Staying the course has never been easy for artists who experience success early in their careers, but two Philadelphia-based artists of roughly the same vintage are doing just that.
That's not to say that Stuart Netsky, currently having his second solo show with Bridgette Mayer Gallery, and Barry Goldberg, now having his fourth with Larry Becker Contemporary Art, are still doing the work they were noticed for in the early 1990s, but they've avoided the pitfalls of change for change's sake, bowing to the fluctuations of taste that throw some mid-career artists into panic mode. Walking through these two very different shows of entirely unrelated work, I was struck by the sense of insistence that has always seemed at the core of Netsky's and Goldberg's art, that they are both doing what comes naturally to them.
Netsky's show, "Sirens," continues his longstanding investigation into glamour and beauty, and the sense of fleetingness and mortality they inspire. His framed inkjet prints of photographs, in which he's isolated the eyes of such charismatic types as Frida Kahlo (from a Kahlo self-portrait in paint), Catherine Deneuve, Cary Grant, Joan Crawford, and Elizabeth Taylor, simultaneously capture the distinctiveness of his famous subjects while making them look almost embalmed under their glass frames.
In another series, Netsky has made inkjet prints from photographs of Jean Harlow, Bette Davis, and Joan Crawford by the Hollywood portraitist George Hurrell and sprayed them with hairspray (Harlow) and liquid foundation (Davis and Crawford) so that only the faintest image of each movie star remains, looking as if photographed through dense fog or clouds. Using images of allure, Netsky has again summoned thoughts of death or the afterlife.
Other times, he indulges his sense of humor and his popular-culture and art-history acumen, as in an inkjet print sandwiching images of Brancusi's sculpture, Mademoiselle Pogany, Richard Avedon's portrait of the long-necked Marella Agnelli, and a Modigliani portrait. Another inkjet print layers photographic images of Sophia Loren, Faye Dunaway, Marilyn Monroe, Catherine Deneuve, and other celebrated beauties.
Netsky has interspersed totemic sculptures throughout his show that are also humorous, savvy, and assembled of multiple parts, balancing such objects as vividly colored sponges meant to honor Yves Klein, small plaster busts of Greek gods and goddesses, and a Mondrian tissue box. These, and an installation in the Vault gallery that mimics a museum gift shop - Netsky has pillows, scarves, and plates with printed with photographic images ranging from Brad Pitt to a Lucio Fontana painting - show off Netsky's talents as the discerning object-maker he has always been.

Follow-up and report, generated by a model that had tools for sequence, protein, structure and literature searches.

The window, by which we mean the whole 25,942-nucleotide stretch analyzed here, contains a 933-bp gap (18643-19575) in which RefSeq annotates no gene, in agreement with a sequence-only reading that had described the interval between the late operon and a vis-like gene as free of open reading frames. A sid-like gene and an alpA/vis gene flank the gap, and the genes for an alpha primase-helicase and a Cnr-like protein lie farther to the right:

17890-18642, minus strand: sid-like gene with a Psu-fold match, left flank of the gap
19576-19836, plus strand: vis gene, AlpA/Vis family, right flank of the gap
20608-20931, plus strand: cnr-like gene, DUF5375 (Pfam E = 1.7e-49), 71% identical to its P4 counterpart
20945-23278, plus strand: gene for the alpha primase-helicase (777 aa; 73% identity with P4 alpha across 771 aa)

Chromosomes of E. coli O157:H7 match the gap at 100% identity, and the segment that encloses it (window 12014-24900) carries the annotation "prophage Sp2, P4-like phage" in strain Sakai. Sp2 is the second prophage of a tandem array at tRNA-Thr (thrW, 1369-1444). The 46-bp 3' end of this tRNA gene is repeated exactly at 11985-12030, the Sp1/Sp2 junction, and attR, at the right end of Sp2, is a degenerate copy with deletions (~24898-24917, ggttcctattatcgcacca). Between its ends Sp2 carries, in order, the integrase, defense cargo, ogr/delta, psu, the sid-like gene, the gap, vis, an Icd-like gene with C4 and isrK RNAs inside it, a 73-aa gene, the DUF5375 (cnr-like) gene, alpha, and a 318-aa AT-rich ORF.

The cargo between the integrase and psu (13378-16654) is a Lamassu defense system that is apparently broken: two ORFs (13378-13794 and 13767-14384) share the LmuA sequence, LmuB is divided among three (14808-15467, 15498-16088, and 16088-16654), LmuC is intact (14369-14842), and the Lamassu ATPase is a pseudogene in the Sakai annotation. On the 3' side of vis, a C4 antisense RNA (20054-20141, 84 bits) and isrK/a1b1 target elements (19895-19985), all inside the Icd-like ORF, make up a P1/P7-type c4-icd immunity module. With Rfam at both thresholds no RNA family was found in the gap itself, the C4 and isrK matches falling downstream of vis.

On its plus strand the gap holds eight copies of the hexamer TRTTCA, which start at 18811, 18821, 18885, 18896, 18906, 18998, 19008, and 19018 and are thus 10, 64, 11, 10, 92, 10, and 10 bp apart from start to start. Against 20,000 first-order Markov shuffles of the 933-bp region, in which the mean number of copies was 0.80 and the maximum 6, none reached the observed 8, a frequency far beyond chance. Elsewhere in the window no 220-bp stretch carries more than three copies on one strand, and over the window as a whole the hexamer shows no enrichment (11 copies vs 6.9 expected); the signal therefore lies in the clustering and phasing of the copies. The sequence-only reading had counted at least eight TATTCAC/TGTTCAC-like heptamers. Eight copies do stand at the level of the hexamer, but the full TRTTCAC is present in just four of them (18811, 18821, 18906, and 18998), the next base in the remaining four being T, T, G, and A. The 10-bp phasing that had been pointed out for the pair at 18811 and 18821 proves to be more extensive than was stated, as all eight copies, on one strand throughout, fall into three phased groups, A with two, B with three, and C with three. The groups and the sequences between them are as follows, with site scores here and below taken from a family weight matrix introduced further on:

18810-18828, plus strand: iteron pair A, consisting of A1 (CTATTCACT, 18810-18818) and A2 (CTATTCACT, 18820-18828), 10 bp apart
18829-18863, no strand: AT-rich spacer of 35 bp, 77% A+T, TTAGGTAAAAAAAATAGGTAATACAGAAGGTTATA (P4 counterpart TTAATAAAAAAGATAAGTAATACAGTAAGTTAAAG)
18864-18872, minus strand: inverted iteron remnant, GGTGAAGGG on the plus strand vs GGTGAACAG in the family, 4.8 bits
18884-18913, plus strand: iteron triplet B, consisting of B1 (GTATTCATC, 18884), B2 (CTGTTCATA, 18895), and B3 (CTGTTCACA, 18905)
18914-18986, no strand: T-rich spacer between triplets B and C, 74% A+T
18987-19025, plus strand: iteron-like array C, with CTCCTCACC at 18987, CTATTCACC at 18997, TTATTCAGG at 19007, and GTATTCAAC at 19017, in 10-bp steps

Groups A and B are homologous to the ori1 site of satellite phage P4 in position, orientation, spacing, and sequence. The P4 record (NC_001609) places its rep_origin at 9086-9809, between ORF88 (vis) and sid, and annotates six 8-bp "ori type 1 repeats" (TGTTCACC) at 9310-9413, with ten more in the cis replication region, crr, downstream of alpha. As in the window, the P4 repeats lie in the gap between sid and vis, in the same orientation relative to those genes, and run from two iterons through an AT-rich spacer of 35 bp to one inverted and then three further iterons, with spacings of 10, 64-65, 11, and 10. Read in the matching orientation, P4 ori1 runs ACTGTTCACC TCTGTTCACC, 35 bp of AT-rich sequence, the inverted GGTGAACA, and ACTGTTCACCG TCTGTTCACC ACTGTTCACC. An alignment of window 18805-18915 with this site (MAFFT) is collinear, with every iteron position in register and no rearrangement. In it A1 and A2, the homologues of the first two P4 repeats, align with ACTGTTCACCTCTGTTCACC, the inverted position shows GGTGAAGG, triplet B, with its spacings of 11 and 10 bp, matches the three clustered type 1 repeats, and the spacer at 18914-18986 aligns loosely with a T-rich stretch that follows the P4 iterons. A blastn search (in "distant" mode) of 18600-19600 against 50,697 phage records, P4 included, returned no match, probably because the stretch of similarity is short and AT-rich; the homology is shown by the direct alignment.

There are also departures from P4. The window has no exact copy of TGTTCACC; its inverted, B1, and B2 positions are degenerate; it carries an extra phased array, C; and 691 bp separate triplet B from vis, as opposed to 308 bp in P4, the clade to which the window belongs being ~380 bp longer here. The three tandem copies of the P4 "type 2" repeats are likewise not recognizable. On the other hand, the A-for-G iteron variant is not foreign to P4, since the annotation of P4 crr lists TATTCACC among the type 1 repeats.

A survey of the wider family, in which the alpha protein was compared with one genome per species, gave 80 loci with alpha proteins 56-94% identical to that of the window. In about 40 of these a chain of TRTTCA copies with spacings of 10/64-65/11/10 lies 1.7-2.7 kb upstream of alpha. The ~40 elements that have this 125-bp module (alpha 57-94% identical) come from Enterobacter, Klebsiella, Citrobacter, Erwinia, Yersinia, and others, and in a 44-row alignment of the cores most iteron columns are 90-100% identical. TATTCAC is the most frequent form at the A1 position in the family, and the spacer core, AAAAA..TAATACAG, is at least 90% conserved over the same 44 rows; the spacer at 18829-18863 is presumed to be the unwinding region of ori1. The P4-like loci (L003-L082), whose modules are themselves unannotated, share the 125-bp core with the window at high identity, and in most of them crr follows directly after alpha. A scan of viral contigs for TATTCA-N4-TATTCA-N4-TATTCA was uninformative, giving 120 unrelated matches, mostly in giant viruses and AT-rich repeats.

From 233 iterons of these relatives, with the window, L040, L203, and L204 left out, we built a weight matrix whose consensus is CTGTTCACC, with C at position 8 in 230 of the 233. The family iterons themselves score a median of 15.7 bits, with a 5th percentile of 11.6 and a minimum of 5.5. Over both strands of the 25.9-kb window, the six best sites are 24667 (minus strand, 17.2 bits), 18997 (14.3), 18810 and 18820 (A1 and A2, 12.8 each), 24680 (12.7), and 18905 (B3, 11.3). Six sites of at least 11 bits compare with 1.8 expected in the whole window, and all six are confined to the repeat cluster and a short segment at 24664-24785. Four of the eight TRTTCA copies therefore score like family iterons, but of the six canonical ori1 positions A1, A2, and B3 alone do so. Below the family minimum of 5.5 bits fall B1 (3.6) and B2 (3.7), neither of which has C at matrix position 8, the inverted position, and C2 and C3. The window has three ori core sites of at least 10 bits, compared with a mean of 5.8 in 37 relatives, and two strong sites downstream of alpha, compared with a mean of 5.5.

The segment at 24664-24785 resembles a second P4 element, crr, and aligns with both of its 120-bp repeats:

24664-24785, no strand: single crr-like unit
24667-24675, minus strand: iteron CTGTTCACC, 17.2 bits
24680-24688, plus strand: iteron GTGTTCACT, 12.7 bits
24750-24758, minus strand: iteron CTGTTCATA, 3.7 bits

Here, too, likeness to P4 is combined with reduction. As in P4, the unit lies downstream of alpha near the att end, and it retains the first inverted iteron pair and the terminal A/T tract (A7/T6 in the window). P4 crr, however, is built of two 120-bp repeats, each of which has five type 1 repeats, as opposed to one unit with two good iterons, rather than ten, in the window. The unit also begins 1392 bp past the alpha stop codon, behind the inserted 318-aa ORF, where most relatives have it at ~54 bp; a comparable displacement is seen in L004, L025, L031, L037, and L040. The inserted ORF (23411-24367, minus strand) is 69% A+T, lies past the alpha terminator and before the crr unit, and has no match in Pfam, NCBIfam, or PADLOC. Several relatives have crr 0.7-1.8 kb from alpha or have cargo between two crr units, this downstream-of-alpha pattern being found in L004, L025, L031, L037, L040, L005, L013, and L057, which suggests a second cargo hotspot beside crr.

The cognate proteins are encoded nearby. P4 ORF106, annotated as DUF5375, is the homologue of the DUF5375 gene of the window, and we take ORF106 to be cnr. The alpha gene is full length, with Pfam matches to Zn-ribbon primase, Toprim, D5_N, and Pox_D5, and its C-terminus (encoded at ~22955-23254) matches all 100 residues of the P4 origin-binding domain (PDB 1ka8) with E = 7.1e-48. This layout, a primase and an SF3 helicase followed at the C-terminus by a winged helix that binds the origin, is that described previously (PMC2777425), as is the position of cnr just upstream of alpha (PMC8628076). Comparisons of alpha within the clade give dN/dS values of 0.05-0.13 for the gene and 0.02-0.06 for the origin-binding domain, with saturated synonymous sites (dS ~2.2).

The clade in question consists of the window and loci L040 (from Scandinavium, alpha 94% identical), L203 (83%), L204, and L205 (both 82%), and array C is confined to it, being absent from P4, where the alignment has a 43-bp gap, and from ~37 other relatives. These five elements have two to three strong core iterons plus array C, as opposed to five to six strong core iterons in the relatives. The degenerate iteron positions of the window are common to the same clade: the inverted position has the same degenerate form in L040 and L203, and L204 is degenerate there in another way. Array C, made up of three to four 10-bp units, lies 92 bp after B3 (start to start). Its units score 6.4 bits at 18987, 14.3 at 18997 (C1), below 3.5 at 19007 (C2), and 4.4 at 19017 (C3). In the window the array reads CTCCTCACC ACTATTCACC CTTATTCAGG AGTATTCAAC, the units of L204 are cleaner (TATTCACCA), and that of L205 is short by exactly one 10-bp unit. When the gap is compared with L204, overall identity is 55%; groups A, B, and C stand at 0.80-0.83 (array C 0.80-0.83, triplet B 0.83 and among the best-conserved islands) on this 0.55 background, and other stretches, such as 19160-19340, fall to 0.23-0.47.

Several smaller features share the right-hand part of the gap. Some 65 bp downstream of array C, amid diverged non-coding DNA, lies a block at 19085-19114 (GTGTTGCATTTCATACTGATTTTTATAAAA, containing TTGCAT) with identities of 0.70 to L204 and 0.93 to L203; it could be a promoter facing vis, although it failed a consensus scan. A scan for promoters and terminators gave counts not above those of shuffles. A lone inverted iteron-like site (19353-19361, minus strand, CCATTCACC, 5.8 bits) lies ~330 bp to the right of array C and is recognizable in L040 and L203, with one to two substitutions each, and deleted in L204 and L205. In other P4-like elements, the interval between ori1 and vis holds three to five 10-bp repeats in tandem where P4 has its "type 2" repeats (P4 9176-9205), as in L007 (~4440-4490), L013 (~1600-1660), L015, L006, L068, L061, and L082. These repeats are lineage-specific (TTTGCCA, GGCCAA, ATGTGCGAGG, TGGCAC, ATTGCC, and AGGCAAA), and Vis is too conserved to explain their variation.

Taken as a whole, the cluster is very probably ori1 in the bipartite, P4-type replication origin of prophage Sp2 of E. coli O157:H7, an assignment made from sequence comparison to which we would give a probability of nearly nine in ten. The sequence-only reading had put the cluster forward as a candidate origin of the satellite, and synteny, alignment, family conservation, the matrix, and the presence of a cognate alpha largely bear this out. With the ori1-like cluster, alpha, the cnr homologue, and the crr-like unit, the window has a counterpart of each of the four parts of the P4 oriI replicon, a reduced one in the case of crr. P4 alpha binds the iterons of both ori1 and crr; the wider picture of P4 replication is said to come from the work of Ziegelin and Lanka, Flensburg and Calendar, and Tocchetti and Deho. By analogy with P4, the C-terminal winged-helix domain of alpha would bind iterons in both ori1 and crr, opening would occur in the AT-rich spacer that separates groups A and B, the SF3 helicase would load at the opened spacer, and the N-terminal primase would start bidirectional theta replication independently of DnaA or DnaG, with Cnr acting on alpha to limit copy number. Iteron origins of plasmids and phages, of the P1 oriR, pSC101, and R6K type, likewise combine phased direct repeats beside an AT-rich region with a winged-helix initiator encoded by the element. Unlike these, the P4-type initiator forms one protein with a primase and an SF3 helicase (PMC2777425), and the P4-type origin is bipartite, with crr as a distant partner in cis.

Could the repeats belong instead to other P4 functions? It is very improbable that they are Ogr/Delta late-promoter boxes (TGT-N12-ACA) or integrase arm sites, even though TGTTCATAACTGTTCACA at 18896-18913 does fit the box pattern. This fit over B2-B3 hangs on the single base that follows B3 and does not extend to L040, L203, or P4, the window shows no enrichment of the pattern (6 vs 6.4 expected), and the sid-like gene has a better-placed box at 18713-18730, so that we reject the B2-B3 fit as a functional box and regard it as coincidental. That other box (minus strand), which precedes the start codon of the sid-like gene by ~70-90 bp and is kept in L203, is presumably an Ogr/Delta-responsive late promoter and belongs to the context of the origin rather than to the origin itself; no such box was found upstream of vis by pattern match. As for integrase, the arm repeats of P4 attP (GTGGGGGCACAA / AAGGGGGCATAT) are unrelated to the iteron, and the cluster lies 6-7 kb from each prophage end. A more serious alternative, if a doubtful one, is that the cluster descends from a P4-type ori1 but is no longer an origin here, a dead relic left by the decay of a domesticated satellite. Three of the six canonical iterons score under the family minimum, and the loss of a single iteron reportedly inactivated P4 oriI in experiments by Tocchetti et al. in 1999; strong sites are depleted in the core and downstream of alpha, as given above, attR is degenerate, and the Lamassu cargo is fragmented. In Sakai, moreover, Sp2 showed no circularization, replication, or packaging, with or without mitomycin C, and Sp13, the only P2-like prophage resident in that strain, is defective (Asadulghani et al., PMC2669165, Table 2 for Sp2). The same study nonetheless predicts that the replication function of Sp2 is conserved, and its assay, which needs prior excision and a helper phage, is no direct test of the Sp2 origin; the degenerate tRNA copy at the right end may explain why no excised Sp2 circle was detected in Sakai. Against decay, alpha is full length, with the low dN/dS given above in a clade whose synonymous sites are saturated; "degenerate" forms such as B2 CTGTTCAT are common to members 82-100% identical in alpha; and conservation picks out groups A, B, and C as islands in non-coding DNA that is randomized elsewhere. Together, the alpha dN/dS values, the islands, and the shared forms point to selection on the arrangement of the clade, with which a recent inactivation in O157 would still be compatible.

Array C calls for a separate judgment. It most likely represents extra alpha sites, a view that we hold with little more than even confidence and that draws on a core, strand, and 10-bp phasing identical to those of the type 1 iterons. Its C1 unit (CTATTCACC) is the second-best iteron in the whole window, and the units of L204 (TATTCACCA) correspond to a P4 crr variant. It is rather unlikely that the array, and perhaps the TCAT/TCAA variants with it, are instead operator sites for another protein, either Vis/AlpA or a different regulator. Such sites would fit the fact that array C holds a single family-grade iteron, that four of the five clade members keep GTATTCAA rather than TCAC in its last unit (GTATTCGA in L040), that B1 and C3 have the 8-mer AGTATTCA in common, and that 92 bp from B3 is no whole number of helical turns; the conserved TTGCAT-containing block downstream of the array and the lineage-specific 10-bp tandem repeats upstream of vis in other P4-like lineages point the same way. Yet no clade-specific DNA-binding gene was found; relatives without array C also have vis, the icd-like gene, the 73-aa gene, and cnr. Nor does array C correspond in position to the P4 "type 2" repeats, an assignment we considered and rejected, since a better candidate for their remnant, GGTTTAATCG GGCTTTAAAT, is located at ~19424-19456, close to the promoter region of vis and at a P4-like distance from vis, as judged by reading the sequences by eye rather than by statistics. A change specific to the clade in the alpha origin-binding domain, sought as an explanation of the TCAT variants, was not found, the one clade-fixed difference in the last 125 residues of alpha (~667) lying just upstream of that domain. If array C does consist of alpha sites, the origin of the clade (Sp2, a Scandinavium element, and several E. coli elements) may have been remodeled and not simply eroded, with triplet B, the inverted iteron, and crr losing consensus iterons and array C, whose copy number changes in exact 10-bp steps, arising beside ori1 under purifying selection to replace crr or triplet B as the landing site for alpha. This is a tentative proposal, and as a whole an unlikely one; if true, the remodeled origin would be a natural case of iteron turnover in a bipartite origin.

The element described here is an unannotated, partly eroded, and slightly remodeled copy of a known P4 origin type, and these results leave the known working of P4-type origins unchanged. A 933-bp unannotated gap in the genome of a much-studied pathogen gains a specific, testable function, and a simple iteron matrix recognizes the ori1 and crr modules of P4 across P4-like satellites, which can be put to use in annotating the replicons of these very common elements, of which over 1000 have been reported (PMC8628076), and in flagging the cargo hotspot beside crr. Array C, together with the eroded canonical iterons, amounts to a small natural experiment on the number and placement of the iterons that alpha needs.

Somehow, Barry Goldberg's sweetly mysterious title for his show, "Lions and Tulips," suits his new abstract paintings and watercolors to a T, though of course there's not a lion or tulip - or anything recognizable - in them. Maybe it's the hot pink triangle leaning against the regal rectangle of yellow gold in his large diptych painting, La Maison Dieu (The God House), that makes it seem so apt.
Goldberg is still painting modular forms, usually in twos, that fit within his canvases, leaving an empty rim that extends to the canvas's edge. In his vertical arrangements of shapes, the effect is reminiscent of an above-ground view of minimalist architecture or sculpture; when his forms are arranged horizontally, a straight-on view of land and sky comes to mind, though typically his colors have not read as hues found in nature. This time around, at least two paintings strongly suggest landscapes, his pale blue and pine green (almost black) L'aube D'or (The Golden Dawn) and Feel, which could be a dark industrial building silhouetted against a milky sky.
As ever, Goldberg's palette of homemade paints, commercial oils, and encaustic in tandem with colors layered over other colors, give his paintings a rich, luminous depth.
Larry Becker Contemporary Art, 43 N. Second St., 11 a.m. to 5 p.m. Fridays and Saturdays. 215-925-5389 or www.artnet.com/lbecker.html. Through Jan. 31.
Curated by members of Vox Populi, who emulated an Internet Surf (or Surfing) Club, in which a group links to content on the Web and its individuals respond to one another's submissions, "Surf Club" takes the gallery model, presenting works by non-members chosen by Vox members in response to each other's choices. The show begins with a flow and ends with an ebb.
The first gallery gets off to a punchy start, with a big, loopy installation of painted ceramic forms and lamps by Sean Gerstley and Katie Stout, color photographs by Stefan Abrams, a tiny painting by Jane Irish, a book of seductive advertising shots of an Asian woman (perhaps the artist herself?) by Mylinh Chau; a absorbing video, Black Men and Me, by Michele Pearson Clarke, and a skeletal sculpture by Liz Rodda that looks like the headboard from an old cast-iron hospital bed, made of steel, glue and bath salts.
From here on, it's catch-as-catch-can, with the last gallery much too densely populated. Some standouts: Lucia Thomé's sculpture Animal Cube, a chaotic conglomeration of small toy animal figures carved to form a perfect cube; Sarah Anderson's video Automute; and Steven McLaughlin's Puniverse.